In a recent set of clinical investigations we also noticed an additional benefit of some of the augmenting substances. When analysing the tissue samples obtained at a second intervention of the patients, we noticed that depending on which type of augmenting microparticles used specific cells were recruited to the surface of the particles. Thus we also see a benefit of being able to augment the tissue by stimulating specific cells to proliferate and grow on the surface of the particles or to be recruited to a specific site of the body and there produce special materials such as collagen, growth stimulators, interferon and more. These techniques are partly known from the art of cell biology. This will be made much clearer in connection with the experimental part below.
The augmenting substance referred to in the present description is sometimes called microcarier having the equivalent meaning.
The invention will be disclosed in greater detail below in association with some non limiting Examples.
1 gram of a fractionated size-defined medical grade dextranomer as augmenting substance was mixed with 100 mg of a high molecular weight hyaluronan fiber. To the mixture was added 25 ml of saline. The composition was dispersed into suitable syringes and heat sterilized for 20 minutes. The resulting slurry was then injected through a 30 gauge needle subcutaneously and the shape of the bolus was found to be very formable. After three to four weeks, histologic examination revealed a good integration of the dextran spheres with only a mild foreign body reaction. The pseudoplastic carrier had been reabsorbed.
100 mg of an alginate (Pronova UP MVG) was dissolved in 5 grams of physiological saline solution to yield a highly viscous and pseudoplastic solution. To this solution was added 1 gram of a powder of poly-β-hydroxybutyrate as augmenting substance. The resulting slurry was injected under the skin of a nude mouse. A ball-shaped bolus was formed. The bolus was made harder by immediate follow-up of an injection of a 0.15M calcium chloride solution.
1 gram of collagen for use as augmenting substance was subjected to pepsin digestion and glutaraldehyde crosslinking and grinded to small 100 μm fragments. The slurry was made up to 25 ml of total volume by adding physiological saline. To the slurry was added 100 mg of high molecular weight hyaluronan fiber and 2.5 mg of lidocaine and adrenaline. The pseudoplastic fluid was transferred to syringes and injected subcutaneously into 5 healthy students. The composition was easy to inject and formed a distinct bolus. There was a short flash of pain upon injection but no bleeding. The augmented tissue was present for about 6 months (range 3-10). No adverse reaction was noticed.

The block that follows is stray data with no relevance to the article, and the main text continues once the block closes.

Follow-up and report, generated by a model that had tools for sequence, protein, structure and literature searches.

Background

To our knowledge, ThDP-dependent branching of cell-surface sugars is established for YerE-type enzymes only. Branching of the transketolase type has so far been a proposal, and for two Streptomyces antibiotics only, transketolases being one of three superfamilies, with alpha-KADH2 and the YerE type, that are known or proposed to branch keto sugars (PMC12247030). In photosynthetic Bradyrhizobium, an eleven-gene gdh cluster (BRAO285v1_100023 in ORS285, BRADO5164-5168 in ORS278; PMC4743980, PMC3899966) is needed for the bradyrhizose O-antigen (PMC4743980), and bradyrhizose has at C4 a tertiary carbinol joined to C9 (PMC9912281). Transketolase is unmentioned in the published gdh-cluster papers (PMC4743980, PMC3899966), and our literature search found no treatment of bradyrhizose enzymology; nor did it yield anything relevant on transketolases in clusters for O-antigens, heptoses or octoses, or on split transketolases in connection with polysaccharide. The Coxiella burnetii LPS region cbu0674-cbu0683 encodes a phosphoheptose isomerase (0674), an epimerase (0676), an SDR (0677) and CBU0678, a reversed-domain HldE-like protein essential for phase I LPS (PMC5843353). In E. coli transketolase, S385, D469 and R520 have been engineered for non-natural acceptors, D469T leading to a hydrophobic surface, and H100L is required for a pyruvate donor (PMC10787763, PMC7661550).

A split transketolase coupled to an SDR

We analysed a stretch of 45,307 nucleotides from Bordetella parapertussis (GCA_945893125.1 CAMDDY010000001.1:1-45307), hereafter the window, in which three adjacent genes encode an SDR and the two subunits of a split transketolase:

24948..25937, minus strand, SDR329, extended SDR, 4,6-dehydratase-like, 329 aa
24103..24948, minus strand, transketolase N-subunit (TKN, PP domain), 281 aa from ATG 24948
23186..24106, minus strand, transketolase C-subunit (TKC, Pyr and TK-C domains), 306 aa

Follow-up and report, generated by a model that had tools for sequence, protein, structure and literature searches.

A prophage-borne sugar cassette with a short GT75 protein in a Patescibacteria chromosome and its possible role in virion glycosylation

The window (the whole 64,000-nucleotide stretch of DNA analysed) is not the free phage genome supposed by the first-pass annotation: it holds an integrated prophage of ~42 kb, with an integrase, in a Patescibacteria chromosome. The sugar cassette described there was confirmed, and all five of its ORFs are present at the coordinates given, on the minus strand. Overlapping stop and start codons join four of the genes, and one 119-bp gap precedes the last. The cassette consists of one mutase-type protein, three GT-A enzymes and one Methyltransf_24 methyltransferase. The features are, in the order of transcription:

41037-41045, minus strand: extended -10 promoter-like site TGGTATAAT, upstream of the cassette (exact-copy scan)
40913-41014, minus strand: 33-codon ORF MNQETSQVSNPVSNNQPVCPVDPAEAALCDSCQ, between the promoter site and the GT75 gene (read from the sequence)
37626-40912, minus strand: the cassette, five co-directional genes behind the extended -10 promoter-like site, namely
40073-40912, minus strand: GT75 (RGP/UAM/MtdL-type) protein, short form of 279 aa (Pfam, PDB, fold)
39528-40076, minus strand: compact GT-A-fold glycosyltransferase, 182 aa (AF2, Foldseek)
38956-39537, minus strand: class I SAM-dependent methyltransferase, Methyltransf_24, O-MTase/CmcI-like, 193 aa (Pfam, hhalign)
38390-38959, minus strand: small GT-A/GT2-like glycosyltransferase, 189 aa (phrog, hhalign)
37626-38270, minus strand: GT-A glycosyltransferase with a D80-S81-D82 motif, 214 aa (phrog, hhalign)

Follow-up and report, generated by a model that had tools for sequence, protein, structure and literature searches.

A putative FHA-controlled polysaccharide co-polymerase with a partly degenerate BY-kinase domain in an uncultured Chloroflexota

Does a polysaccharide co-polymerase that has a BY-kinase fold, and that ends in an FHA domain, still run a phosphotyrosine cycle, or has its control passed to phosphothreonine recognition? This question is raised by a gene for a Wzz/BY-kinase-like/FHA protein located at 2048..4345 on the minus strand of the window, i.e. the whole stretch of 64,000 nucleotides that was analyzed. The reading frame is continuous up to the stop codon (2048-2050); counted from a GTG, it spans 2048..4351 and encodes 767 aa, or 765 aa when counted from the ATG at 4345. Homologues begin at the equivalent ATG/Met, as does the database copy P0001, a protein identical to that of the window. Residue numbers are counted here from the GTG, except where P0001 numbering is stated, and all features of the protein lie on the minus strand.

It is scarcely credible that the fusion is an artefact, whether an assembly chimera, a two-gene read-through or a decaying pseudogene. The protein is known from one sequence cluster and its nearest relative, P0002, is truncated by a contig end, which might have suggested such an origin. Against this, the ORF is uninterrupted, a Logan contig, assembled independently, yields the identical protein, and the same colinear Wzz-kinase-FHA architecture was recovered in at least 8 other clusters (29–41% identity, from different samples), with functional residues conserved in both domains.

1 gram of cross-linked starch in the form of fibers was grinded to 100 μm fibers. The resulting ageous slurry (25 ml) was heat sterilized and mixed with 100 mg of high molecular weight hyaluronan fibers. The reslutant pseudoplastic slurry was injected subcutaneously into nude mice. The augmentation lasted for more than 12 months as extrapolated from the 3 months evaluation. There was no sign of tissue reaction.
1 gram of cross-linked starch in the form of microspheres (Spherex® Kabi-Pharmacia) was mixed with 20 ml of a 1% hyaluronan solution (Hylartil® Pherrovet) and injected in the urether of a woman suffering from a mild form of incontinence. After six weeks, the incontinence returned to its pretreatment condition.
The same woman as in Example 5 was subjected to a new treatment with an improved composition. Now, 1 gram of dextranomer (G 25 Ultrafine Sephadex® Kabi Pharmacia) was thoroughly washed until tested non-irritating followed by sterilization by heat. The microbeads were mixed with 20 ml of a 1% solution of hyaluronan. Approximately 6 ml was injected in the urether under fiber optic guidance. After three weeks and additional 4 ml were injected as the previous treatment was considered inadequate.
At one year follow up, the woman was still continent and had no problem with the treatment.
100 mg of a medical grade alginate (Pronova MGM) was dissolved in 20 ml of a balanced salt solution. To the viscous fluid was added 1 mg tranexam acid (a haemostatic agent) and 1 gram of dextranomer (as in Example 6). The resulting slurry was injected in the lip of a patient undergoing treatment for cosmetic surgery. The 3 months result showed that the augmentation was still present and the muscles of The lips were soft and homogeneous.